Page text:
CRN addresses deceptive ads for weight loss products during Senate hearing

WASHINGTON — The Council for Responsible Nutrition, a trade association serving the dietary supplement industry, testified during a Senate hearing in an effort to demonstrate the industry's commitment to combat deceptive advertising of weight-loss products.

CRN testified before the United States Senate Committee on Commerce, Science and Transportation's Subcommittee on Consumer Protection, Product Safety and Insurance. The hearing was titled, "Protecting Consumers from False and Deceptive Advertising of Weight-Loss Products."

In his remarks, Steve Mister, president and CEO of CRN, addressed the current weight-loss market as part of the ongoing tale of two industries with "legitimate manufacturers who responsibly produce products that work and make claims for their products within the bounds of the law, and unscrupulous players who prey on consumer desperation and the insatiable desire to be thin, and will say almost anything to make a quick profit."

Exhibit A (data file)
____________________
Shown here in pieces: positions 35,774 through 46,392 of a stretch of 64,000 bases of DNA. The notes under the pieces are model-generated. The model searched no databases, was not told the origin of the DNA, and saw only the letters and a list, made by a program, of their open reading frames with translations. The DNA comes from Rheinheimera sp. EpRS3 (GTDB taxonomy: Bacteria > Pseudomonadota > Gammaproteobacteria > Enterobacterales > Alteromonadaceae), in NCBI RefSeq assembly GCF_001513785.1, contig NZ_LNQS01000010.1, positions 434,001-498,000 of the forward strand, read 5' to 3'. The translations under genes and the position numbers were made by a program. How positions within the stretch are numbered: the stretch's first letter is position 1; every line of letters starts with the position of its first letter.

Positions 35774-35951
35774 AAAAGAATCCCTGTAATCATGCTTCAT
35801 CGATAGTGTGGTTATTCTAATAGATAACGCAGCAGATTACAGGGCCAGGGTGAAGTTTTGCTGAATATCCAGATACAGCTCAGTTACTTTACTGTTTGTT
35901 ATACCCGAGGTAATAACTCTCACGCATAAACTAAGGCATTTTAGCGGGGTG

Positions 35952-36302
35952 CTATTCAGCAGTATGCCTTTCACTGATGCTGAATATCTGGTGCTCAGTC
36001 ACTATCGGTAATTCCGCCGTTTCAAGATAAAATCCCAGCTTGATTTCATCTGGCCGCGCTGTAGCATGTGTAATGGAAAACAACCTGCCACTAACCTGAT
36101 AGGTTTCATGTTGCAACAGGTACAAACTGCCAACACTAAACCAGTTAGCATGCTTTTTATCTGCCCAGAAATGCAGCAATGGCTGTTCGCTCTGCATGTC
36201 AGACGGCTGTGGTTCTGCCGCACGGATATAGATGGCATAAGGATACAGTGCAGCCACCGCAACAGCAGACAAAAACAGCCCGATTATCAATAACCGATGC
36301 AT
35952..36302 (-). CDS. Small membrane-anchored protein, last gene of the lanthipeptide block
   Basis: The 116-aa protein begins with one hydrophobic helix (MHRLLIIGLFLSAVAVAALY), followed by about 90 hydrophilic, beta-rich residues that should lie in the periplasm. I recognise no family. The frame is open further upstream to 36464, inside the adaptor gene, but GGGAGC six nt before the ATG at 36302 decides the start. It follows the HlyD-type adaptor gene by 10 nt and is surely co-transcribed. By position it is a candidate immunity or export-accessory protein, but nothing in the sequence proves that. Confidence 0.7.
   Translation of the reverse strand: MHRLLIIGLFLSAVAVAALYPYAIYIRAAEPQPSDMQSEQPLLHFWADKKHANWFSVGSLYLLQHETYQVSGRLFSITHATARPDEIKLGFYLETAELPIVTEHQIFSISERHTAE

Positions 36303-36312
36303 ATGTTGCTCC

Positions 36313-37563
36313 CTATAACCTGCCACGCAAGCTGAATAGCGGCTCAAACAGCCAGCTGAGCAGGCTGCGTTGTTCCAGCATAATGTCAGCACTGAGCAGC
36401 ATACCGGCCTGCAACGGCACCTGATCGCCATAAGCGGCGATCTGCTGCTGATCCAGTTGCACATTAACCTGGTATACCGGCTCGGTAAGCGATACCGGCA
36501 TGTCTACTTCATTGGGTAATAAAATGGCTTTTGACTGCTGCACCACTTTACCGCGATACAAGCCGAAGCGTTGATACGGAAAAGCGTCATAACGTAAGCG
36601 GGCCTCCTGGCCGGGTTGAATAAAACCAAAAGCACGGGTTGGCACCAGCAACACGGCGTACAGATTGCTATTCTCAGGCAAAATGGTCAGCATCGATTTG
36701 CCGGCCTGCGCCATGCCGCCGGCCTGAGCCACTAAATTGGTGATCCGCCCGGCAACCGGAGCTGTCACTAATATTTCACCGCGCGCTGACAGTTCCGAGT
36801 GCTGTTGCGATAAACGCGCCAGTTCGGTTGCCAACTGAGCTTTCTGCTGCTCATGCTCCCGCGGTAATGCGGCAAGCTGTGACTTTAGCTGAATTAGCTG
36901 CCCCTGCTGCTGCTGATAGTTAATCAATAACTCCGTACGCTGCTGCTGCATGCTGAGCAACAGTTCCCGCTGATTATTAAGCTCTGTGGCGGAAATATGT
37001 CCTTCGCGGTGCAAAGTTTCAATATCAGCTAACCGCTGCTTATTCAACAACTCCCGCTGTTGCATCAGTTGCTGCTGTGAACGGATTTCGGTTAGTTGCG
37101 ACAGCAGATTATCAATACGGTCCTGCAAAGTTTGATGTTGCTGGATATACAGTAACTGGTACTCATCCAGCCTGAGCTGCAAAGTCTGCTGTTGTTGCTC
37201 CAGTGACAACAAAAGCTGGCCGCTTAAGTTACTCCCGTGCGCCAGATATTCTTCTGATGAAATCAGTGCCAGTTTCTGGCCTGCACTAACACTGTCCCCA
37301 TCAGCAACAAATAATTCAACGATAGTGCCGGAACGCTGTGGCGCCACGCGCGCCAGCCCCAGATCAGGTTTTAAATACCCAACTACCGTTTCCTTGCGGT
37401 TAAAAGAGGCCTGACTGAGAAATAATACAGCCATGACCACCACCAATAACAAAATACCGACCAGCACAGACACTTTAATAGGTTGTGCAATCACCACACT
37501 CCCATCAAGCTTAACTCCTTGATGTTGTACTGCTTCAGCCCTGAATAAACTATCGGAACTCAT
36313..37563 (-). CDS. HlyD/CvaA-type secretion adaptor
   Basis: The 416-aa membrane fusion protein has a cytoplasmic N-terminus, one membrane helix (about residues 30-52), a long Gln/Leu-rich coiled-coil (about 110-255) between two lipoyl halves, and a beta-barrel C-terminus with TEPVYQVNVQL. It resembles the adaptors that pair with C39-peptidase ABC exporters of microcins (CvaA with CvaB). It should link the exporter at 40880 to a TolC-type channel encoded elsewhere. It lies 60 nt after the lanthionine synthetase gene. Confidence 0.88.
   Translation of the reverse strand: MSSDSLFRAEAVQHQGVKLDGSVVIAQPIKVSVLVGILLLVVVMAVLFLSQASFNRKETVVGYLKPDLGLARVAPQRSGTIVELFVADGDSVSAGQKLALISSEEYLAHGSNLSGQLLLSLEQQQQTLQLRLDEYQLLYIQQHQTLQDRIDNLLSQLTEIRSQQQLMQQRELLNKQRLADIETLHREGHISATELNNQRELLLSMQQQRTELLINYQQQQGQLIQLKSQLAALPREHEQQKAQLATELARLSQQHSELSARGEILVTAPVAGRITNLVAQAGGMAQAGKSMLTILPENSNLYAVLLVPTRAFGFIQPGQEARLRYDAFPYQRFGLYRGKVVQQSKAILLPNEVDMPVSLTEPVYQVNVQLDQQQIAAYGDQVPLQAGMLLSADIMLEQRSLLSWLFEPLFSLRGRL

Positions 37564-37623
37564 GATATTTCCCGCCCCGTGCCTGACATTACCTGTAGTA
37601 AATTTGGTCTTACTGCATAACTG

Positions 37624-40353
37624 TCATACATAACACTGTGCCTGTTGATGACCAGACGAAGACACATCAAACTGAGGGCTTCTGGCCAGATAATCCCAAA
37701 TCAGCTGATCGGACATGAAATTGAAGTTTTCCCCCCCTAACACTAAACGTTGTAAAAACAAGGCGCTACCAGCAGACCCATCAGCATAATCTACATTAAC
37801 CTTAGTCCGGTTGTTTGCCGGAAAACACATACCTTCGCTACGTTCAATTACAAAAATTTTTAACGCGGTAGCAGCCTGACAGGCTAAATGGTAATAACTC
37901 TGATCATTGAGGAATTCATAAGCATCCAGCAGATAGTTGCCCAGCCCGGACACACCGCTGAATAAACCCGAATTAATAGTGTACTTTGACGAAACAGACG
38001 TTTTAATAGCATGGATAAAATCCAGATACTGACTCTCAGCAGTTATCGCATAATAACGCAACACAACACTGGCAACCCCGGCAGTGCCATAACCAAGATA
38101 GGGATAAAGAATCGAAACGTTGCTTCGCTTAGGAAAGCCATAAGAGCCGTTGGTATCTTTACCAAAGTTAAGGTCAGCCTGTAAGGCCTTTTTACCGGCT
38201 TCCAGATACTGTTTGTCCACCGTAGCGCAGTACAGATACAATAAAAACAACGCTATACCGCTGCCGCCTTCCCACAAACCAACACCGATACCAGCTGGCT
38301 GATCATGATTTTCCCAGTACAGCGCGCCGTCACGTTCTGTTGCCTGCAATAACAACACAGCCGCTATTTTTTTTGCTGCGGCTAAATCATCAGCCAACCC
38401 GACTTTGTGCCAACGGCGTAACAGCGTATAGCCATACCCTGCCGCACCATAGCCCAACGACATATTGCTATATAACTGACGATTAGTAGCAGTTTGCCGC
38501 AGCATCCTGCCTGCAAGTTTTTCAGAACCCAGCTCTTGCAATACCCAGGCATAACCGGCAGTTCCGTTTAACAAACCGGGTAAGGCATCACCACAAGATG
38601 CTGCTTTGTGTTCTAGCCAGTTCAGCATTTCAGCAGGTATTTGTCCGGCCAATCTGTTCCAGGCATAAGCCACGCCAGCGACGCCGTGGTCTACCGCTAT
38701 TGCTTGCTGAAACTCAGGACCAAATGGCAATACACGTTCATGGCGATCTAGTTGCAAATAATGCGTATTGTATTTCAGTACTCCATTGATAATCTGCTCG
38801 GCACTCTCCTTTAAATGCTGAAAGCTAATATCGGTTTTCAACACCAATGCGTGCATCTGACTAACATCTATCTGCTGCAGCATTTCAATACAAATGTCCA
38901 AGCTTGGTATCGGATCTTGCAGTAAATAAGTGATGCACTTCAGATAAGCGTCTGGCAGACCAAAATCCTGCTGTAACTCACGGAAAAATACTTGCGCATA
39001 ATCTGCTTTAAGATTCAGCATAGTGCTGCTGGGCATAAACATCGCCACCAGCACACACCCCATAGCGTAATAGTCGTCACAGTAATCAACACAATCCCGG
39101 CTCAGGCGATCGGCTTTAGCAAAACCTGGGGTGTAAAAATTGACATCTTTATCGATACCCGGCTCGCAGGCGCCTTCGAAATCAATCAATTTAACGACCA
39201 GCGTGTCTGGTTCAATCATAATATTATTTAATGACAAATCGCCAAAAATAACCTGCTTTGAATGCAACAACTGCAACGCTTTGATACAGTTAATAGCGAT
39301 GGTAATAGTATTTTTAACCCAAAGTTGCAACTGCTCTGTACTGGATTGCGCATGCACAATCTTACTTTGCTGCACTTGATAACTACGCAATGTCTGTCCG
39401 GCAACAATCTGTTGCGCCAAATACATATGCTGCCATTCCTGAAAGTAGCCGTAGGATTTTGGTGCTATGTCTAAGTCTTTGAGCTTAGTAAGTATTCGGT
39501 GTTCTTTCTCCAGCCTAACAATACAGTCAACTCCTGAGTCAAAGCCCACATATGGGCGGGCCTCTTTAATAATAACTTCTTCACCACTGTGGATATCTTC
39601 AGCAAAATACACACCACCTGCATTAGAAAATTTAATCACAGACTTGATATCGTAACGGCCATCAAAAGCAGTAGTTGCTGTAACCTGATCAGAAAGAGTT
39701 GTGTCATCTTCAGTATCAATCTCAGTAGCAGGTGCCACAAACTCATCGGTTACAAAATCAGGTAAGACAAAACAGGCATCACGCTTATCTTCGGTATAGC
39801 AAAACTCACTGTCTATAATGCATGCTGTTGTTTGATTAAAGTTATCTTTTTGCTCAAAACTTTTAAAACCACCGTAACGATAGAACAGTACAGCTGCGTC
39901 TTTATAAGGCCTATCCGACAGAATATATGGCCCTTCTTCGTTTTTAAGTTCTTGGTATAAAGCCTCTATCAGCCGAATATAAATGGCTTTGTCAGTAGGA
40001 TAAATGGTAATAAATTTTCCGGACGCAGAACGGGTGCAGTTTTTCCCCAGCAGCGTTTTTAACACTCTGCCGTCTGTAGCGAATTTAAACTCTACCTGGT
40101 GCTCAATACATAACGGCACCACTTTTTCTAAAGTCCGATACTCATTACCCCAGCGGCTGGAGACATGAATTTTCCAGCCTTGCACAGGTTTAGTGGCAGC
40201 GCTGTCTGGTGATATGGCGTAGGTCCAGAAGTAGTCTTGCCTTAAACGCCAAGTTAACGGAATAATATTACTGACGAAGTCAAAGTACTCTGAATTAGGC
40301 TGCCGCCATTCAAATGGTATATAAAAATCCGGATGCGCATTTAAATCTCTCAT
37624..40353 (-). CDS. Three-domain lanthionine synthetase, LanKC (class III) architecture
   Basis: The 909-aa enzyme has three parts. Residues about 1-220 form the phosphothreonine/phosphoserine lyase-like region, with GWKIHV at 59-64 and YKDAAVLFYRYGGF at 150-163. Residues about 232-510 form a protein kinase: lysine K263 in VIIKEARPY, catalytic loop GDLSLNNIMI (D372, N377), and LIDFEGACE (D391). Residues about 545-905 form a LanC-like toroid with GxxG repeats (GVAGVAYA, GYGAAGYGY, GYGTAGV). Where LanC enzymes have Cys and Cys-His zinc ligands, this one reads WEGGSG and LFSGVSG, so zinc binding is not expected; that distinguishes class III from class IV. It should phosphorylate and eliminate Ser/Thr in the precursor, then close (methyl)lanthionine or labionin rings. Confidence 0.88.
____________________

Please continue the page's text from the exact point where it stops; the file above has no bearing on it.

Acknowledging weight management as a critical issue in the United States, Mister pointed to the fact that there are dietary supplements that can serve as helpful weight-loss tools when used in combination with other healthy habits. He emphasized that, in their pursuit to achieve a healthy weight, consumers deserve to receive "truthful, accurate and non-misleading information on dietary supplements and nutritional products."  

Mister presented CRN's industry-wide program with the Council of Better Business Bureaus' National Advertising Division, which helps self-police the advertising claims of dietary supplement marketers, as an example of CRN's commitment to prevent dietary supplement marketers from making fraudulent claims. Part of the solution to deceptive advertising of weight-loss products is "expanding and strengthening self-policing programs among manufacturers and marketers within the industry," like the NAD initiative, according to Mister.

However, in addition to expanding self-regulatory programs, Mister emphasized that more must be done to protect consumers, "who unrealistically yearn for a magic bullet," including increasing resources and enforcement by both the FTC and FDA; calling on the media and online retailers to conduct advertising clearance and reject those with illegal claims; and educating consumers on how to have realistic expectations for weight loss and protect themselves from weight-loss claims that are too good to be true.


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